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The Mayor of Whittier’s Ride (update)
AC Control plate install below


We met up with the Mayor at the last Saleen show, where he won an award for his ride. This guy is really the coolest ! Check out more at his website www.allanz.com - MW

Modifications made after purchase:
Interior
Sheepskin seatcovers
Mac white faced gauges
White faced A/C panel
Carbon fiber door and dash pod trim from Mustang World.com
B&M Hammer shifter (not installed yet)
Custom dash cover

Suspension
Eibach lowering springs, Maximum Motorsports pinion snubber
Bilstein Shocks
Steeda Caster/Camber plates
Maximum Motorsports full-sized welded-in subframe connectors
Kenny Brown anti-squat/anti-dive lower control arm brackets

Exhaust
Complete Stainless steel 2 ½’ Bassani exhaust system
Bassani X-pipe with high-flow cats
Quiet Thunder stainless steel mufflers
3 ½’ stainless steel exhaust tips

Brakes
Baer Claw twin piston 13-inch front brakes, 12 inch rears
All rotors cross-drilled, slotted, washed
Braided stainless steel Goodridge brake lines

Exterior
Chromed GT factory wheels
Classic Design Concepts honeycomb rear black trim
Sequential turn signal taillights
High intensity metal halide headlights
100-watt highway horn and P.A. System
Rear spoiler moved 2 ½” back
Metallic tinted windows done by Formula One Tinting

Engine
Saleen supercharger, (adds 100 hp, minimum 360hp at engine)
Separate intercooler system
30 lb. injectors, colder plugs, Re-flashed computer, K&N filter
Fourth-Generation Eaton M-90 supercharger, (6 to 10 psi)
3 security systems including Lojack


AC Heater Control plate

White-Faced A/C and Heater Controls Installation, ’99 GT
Even more curious was receiving white-faced air conditioning/heating gauges from C.J Pony parts through the mail with no instructions at all. Here are a few helpful hints that you will make the installation easier.
Tools needed: T-20 torx head tool with enough extensions to add up to about 9 inches. (You can temporarily tape them together so they do not come apart mid-surgery.)
Ford radio/CD player removal tool, available at Pep Boys in their radio department for $5.00 (My friendly Board Ford dealer released my radio and CD player from the dash for me for free by using his removal tool and told me where to buy the special tool.) You would think that Ford would make removing the radio and CD players harder to remove for theft prevention! They slide out easily on white nylon glides that look like kitchen drawer plastic hardware.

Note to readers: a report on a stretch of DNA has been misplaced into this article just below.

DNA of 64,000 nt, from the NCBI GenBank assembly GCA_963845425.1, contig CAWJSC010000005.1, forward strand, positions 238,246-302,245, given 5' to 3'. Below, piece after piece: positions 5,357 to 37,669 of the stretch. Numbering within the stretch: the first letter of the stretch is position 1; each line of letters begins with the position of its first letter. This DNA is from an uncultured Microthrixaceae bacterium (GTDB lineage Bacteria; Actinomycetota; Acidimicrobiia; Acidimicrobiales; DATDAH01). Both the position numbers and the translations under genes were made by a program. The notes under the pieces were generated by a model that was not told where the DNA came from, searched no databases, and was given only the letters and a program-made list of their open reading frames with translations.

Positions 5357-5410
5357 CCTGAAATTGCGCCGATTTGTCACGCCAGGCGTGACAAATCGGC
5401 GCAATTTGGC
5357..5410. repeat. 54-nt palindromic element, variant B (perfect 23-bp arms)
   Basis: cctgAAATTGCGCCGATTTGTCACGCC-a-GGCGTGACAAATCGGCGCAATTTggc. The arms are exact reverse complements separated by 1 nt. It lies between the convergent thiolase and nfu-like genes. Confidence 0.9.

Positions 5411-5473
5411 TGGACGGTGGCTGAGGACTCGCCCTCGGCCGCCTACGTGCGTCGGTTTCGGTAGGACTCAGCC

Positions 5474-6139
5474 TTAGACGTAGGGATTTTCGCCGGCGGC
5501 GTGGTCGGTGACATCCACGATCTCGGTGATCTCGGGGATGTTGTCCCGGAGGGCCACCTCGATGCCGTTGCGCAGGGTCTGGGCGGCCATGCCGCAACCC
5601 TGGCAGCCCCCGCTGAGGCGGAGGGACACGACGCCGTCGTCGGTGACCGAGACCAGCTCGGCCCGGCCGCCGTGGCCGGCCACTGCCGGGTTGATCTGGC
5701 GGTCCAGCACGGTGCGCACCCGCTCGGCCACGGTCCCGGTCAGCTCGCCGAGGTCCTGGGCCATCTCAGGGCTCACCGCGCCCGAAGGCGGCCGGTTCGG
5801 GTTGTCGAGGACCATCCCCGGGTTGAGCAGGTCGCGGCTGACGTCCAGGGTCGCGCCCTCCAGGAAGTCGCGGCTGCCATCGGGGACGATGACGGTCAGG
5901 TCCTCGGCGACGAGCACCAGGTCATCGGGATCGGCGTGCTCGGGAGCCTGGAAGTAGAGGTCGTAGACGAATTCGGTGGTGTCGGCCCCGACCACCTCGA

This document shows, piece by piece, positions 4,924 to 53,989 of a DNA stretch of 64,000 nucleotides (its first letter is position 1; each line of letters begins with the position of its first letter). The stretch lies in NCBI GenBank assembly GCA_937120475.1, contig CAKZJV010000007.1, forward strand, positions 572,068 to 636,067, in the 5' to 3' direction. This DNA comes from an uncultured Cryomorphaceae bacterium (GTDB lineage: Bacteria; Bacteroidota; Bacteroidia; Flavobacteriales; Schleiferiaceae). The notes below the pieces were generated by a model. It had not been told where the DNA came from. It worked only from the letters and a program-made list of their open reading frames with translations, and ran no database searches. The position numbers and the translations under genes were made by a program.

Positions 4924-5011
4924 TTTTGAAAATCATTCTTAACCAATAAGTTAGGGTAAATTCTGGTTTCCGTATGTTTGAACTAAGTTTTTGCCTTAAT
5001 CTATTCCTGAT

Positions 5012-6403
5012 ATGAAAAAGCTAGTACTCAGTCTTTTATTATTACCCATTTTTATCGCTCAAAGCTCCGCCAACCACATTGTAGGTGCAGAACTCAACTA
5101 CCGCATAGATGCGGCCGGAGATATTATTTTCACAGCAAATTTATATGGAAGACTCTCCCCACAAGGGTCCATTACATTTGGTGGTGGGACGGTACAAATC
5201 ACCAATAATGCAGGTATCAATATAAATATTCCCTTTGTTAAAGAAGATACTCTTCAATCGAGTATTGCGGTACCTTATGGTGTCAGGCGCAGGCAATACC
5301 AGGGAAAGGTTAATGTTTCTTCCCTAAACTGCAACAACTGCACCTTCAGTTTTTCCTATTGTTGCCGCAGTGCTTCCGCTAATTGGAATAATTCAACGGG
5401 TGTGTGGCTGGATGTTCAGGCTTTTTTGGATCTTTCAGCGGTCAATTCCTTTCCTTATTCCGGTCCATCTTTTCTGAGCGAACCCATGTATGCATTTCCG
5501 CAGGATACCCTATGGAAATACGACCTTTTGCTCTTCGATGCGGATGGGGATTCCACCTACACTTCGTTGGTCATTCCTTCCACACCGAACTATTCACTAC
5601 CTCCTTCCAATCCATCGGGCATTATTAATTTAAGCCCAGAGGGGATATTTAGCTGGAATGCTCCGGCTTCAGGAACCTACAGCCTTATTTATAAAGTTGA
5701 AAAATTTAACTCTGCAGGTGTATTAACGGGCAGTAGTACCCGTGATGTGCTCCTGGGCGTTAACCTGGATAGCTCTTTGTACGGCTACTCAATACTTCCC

To unplug all of the wires from the back of the radio and CD player, always squeeze the plastic tabs on the connectors to release them, don’t pry out on any plastic tabs. Depending on fingertip strength, you might have to push in on the connectors with a screwdriver.
There are only three torx screws to remove. The first thing you must do is remove the two that are hidden under the front edge of the plastic fascia of the radio. Use a nut driver sized tool or 1/4 inch socket with the torx head in it.
The third (last) screw is visible inside the dash after you remove the CD player and radio. You will need about 9 inches of extension to reach it, but it is easy to see when you shine some light in the radio’s dash hole. When you need to re-install this screw, just tape it to the end of the torx tip so it doesn’t fall off into the dash.
The three knobs just pull straight off, no setscrews.
Here is one interesting (and free!) option. When you go to re-install the CD player and radio, install the CD player in the TOP hole and the radio in the BOTTOM spot. Now you can actually get CDs out of your machine without running into the shifter! (The radio and CD player are exactly the same size.) All you need to do is to pop off the white nylon “drawer glide” that is on each component and reverse its orientation. Move the nylon piece from the top to the bottom of the rear of the unit. Do not unscrew anything, just pop off the plastic piece with a flat-bladed screwdriver. Then reach into the dash and pull the speaker/antenna/power wires through the appropriate hole in the dash. Before pushing in the components, make sure the speaker wires etc. are out of the way so the components can slide all of the way back into the dash. Very easy!
Option #2
Before re-installing the dash fascia, put a little electrical tape around the edge of the hole in the dash to prevent squeaks. It provides a little buffer so that the plastic does not bind and squeak like a GM product.


Gauge pod insert and Door Jamz

Rear Honeycomb Trim from Classic Design Concepts Installation, ‘99 GT
Amazing as it seems, this product that I installed today does not ever come with installation instructions! All they tell you is to clean the trunk lid area with alcohol so that the double-sided tape will stick. The double-sided tape is very unforgiving, so test-fit the three plastic pieces first.
What they forgot to mention is that you need to heat up the plastic “GT” and “Ford” trunk emblems with a heat gun or hair dryer in order to carefully pry them off your trunk lid with a flat bladed screwdriver. It is also a good idea to glue the name badges onto the newly installed honeycomb trim with some black silicone glue, (not included), and not just trust that they will survive many trunk closings forever.
The product is pricey at $125.00 ($139.00 Fed-Ex’ed to your door), but their customer service is excellent and their product well-made with very good attention to detail.

Spoiler slid back 2.5 inches. I ground down the square tab on the wing
rather than drill bigger holes. It was easier that way. Put some tape
between the spoiler and trunk lid or it will squeak.

 


 

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